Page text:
self-driving cars testing

Self-driving cars testing

Bustling San Jose, California’s third largest metropolis, is set to become a test site for autonomous cars designed by Bosch and Mercedes Daimler. They have finally signed an agreement that they will test fully autonomous vehicles in the second half of 2019.
Fearless riders will use the Daimler Car2Go car-sharing service, as well as MyTaxi (which was purchased by the car manufacturer in 2014) and Moovel, an application that compares the price and duration of bicycle-sharing services, public transport and other modes of transport.
Cars will not be fully autonomous, at least not at first sight. According to Bosch and Daimler, the drivers in charge of safety will follow each journey from the driver’s seat, ready to take over in case of emergency.
According to Stefan Henle, senior vice president of the Bosch Automated Driving Division, the world needs to rethink urban transport. And automatic driving is the idea that will help the world complete the picture of the future of urban traffic.

Self-driving cars testing: Drive Pegasus technology

As announced earlier, Nvidia’s Drive Pegasus will provide processing power, as a computing platform for artificial intelligence. The powerful processor and graphics chip will control a network of touch-controlled electronic control units (ECUs) that control gearboxes, door locks, windows and other systems. And a special cooling system will provide cooling for the ECU units, as they use up to 100 gigabytes of data per kilometer traveled.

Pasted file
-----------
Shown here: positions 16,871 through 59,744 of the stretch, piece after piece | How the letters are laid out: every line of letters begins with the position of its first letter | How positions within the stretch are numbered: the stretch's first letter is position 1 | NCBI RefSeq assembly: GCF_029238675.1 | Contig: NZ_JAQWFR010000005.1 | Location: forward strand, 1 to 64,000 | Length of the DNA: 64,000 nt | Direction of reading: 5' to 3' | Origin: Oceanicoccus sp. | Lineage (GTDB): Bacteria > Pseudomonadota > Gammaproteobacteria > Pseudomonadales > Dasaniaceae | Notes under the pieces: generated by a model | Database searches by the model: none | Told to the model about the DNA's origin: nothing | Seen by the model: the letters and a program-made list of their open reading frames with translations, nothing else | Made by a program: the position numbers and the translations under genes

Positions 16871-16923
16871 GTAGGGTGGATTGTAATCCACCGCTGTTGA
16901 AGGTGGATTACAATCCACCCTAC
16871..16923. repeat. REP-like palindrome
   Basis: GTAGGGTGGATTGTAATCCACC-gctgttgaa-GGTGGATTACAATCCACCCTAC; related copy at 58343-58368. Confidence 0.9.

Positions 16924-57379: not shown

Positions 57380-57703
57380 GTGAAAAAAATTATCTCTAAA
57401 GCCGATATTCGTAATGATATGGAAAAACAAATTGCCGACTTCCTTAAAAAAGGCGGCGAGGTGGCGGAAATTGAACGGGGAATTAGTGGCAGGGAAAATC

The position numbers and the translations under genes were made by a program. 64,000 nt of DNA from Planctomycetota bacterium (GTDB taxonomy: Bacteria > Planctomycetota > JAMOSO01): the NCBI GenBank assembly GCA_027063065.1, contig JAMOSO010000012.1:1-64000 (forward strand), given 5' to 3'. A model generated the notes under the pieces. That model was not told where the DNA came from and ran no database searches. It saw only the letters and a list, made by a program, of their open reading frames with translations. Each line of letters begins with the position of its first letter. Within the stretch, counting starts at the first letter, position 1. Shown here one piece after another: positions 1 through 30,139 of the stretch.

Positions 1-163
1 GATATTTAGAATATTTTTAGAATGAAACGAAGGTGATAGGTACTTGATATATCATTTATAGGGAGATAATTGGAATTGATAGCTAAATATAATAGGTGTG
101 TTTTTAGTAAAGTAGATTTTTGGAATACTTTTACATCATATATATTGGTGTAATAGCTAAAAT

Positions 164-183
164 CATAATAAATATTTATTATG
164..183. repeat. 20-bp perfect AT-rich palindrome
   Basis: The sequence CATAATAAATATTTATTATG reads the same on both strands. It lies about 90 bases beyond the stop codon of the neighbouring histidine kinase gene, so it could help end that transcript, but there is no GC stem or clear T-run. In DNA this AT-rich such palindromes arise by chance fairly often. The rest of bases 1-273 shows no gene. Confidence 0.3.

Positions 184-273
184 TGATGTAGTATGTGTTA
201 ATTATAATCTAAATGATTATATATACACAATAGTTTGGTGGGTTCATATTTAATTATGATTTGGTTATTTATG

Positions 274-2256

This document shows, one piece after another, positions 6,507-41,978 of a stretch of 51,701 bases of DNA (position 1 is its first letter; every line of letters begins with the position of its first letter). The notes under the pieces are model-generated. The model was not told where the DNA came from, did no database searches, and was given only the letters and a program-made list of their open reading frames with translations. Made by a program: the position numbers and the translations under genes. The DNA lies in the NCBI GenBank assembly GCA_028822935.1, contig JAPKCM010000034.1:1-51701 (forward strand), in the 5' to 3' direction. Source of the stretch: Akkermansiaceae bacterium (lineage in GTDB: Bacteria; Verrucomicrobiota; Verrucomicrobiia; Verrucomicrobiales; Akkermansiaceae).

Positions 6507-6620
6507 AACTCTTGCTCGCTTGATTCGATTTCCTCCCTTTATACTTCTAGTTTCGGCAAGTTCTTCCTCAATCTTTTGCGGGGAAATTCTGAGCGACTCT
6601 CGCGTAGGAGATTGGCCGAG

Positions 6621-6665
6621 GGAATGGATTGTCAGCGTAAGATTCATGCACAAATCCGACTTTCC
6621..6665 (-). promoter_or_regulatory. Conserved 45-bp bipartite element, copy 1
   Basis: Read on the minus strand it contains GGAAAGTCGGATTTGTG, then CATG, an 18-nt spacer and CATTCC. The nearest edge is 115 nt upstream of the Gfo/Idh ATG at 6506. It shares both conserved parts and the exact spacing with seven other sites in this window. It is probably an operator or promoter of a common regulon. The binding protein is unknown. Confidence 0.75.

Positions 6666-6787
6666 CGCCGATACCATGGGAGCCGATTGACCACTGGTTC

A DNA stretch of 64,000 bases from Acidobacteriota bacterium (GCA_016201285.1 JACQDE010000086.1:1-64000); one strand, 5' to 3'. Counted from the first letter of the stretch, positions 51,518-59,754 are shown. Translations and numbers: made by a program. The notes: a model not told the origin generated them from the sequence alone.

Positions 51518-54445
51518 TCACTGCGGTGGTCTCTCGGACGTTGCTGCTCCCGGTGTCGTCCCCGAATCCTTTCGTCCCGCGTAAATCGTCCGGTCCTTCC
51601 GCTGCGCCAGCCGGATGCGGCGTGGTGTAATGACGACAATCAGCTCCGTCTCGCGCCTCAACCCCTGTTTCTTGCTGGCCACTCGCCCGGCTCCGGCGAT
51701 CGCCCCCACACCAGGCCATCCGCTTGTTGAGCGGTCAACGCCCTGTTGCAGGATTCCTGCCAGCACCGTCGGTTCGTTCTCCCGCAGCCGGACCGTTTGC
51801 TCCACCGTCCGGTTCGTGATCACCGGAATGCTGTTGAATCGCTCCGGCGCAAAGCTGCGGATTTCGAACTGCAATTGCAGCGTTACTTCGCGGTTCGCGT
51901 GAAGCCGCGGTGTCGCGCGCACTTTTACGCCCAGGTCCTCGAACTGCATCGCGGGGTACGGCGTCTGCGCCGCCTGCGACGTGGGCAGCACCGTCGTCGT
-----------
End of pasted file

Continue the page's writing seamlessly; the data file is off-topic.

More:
Nvidia introduced the Nvidia Drive PX Pegasus at GTC Europe in Munich in October 2017. Nvidia said the two Xavier chip-based systems and two graphics cards can perform more than 320 trillion operations per second and transmit up to terabytes of data per second, receiving data from 16 cameras and six sensors. Bosch and Daimler expect performance to be comparable to about six “synchronized, highly developed” desktop computers, and said the Pegasus, which uses multiple radar, visual and ultrasonic sensors, will be able to respond to changing traffic conditions within 20 milliseconds.

In 2018, Bosch made its driving ambitions very clear. It created a new Connected Mobility Services division with more than 600 employees, acquired a start-up company, B2B Spititting Fares, and entered into a mapping systems partnership with TomTom.
Daimler, for its part, received permission from the Chinese government in June to test self-propelled vehicles running on the Baidu Apollo platform on public roads in Beijing.
Through their cooperation, which began in April 2017, Bosch and Daimler are striving to improve urban traffic, improve road safety and build a foundation for future traffic. In addition, the technology will increase the popularity of carsharing, car exchange, allow people to make the most of their travel time and open up new opportunities for people, such as those without driving licenses.